Friday, September 20, 2013

Shuffle It Right

Original Facebook post here.
Today's formative-album replay: Hoagy Carmichael, The Stardust Road. This bargain-bin collection, which I once owned on cassette, doesn't give us the hepcat Hoagy, the laconic jazzbo who could hold his own with the sharpest sidemen, as he did on the definitive 1956 jazz vocal record Hoagy Sings Carmichael. There's just one tune here from that album--a sleepy, smoky rendition of "Rockin' Chair"--as well as an exquisitely offhand rendition of Carmichael's signature tune, "Stardust." But most of the tracks here are short, sweet, borderline novelty-record material which coast by as much on Carmichael's light, dry Midwestern baritone as on his self-effacing, no-sweat songcraft.

Though this collection doesn't even have many of his best songs--"Two Sleepy People," "Skylark," "Georgia on My Mind," "The Nearness of You," or my favorite, "Lazy River"--I'm still happy it was effectively my introduction to this casually towering figure. For in such minor but perfectly executed trifles like "Little Old Lady," "Old Music Master," and "Hong Kong Blues," or such brilliant, oddly constructed curiosities as "Washboard Blues" or "My Resistance Is Low," Carmichael emerges less as a slick Tin Pan Alley tunesmith or too-cool-for-the-room jazzman than as the original Americana singer/songwriter--a figure closer to Hank Williams or Ray Charles, really, than to Frank Loesser or even Johnny Mercer. Carmichael's melodic sensibility is embedded so deeply in blues harmony, and his vocal phrasing and prosody in authentic old-time jazz rhythms, that his songs, even at their most artsy and sophisticated, have the rock-solid integrity and inevitability of folk music.

This is certainly true of the Beiderbeckean leaps and loops of "Stardust," which he elides and rephrases here as only the song's creator could do, and it's especially in evidence in his buoyant rendition of "Riverboat Shuffle." Delivering a lyric that's little more than a commercial for a rockin' nightclub, Carmichael slings a sidelong vocal melody that's essentially a horn part, then plays a clumpy but nimble piano solo that anticipates Nina Simone's contrapuntal flights; it's a dessert I can't get enough of. If cool can be measured partly by comfort with oneself, Carmichael--who can vamp through a dubious tune about a doctor, lawyer, and an Indian chief as blithely as he can whistle through his art-song-quality tunes--may be the coolest cat of all.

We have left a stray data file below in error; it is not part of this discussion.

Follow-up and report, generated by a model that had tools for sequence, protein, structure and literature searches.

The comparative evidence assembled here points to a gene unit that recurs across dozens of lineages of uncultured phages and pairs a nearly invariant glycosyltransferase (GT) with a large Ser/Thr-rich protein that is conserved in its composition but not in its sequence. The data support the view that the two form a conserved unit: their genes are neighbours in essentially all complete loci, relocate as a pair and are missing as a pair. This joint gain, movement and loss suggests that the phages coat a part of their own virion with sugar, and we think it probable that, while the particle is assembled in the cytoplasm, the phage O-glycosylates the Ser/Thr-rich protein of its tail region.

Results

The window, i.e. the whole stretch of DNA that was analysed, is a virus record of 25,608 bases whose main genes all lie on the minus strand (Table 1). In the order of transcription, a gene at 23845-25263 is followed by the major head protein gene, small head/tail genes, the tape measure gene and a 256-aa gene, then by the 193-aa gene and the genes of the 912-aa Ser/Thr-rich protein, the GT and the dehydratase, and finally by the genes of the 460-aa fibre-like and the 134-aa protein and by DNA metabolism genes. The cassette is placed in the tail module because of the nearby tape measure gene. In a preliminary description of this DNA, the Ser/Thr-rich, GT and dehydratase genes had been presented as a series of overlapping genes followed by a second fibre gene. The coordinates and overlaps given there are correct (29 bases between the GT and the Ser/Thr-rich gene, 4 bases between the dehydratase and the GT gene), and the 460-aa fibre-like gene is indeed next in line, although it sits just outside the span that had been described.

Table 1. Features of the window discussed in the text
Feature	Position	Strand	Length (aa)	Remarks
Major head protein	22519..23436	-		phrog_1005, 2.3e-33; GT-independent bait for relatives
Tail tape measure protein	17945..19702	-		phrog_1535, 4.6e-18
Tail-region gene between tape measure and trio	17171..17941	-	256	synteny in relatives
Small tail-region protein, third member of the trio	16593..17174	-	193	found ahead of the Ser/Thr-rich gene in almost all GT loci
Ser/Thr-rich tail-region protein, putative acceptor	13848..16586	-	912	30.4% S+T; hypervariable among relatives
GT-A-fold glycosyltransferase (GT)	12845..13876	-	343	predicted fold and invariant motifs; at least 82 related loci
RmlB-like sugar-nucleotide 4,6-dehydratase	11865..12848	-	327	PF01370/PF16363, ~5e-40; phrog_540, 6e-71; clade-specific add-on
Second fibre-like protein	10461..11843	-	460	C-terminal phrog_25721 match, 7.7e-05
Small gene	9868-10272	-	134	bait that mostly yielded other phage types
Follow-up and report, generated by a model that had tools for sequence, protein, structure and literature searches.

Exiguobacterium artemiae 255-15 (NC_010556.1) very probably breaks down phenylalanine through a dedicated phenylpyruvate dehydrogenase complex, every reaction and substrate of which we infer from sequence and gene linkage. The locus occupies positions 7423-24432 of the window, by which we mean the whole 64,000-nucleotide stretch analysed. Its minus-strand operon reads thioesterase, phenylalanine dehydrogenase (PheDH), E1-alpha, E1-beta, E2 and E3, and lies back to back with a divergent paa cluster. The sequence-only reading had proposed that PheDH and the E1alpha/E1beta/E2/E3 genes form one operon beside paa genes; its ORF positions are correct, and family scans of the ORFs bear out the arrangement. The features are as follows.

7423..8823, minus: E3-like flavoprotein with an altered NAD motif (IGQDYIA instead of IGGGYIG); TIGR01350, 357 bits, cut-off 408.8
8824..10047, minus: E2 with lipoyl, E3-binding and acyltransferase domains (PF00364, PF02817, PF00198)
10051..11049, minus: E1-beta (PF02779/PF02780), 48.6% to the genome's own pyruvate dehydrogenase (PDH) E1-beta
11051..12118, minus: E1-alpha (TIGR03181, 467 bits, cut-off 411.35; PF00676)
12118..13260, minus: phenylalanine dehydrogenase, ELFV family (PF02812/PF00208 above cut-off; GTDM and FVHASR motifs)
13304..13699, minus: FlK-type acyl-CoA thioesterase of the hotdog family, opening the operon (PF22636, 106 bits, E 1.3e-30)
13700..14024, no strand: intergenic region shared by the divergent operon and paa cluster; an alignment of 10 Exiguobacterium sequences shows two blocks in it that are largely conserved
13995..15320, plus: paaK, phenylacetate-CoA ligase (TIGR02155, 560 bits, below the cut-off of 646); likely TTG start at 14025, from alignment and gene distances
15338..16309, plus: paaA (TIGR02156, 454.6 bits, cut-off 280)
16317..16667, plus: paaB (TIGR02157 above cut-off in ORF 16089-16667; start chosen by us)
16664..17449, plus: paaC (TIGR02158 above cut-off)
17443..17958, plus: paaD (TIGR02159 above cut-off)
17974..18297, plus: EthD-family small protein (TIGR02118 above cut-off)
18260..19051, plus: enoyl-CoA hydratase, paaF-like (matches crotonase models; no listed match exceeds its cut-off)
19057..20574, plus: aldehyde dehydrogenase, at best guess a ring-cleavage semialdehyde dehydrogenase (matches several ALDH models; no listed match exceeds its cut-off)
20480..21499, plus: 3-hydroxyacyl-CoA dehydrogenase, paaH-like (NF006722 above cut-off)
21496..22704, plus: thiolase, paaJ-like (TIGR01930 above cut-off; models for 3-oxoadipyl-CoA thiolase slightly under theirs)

Leon Russom SKYLARK - divine!
Adam Liston LOVE Hoagy! Mostly because my dad would sing some of his songs in the shower. Personally own "Hoagy Carmichael: L'Art Vocal, Vol 18" and "Ole Buttermilk Sky". Nice one, Rob.
Douglas Green I'm guessing I have these same recordings - on an Australian album of him I got back when I was there. There's something so odd and haunting about his singing style - it's not "correct" at all - that to me prefigures Billie Holiday, Bob Dylan, and other purely unique voices. Really amazing. Now go watch "To Have and Have Not," which has a bunch of those songs in it (including as background in some scenes - "Baltimore Oriole" particularly movingly) and him having the coolest combo ever (particularly the newspaper-reading drummer).


  1. Hard to pick a favorite but "I Get Along Without You Very Well" deserves a mention too

  2. Oh yes, that's a good one, and with an odd structure that suits the can't-quite-let-go lyric. "How Little We Know" is also quite a gem.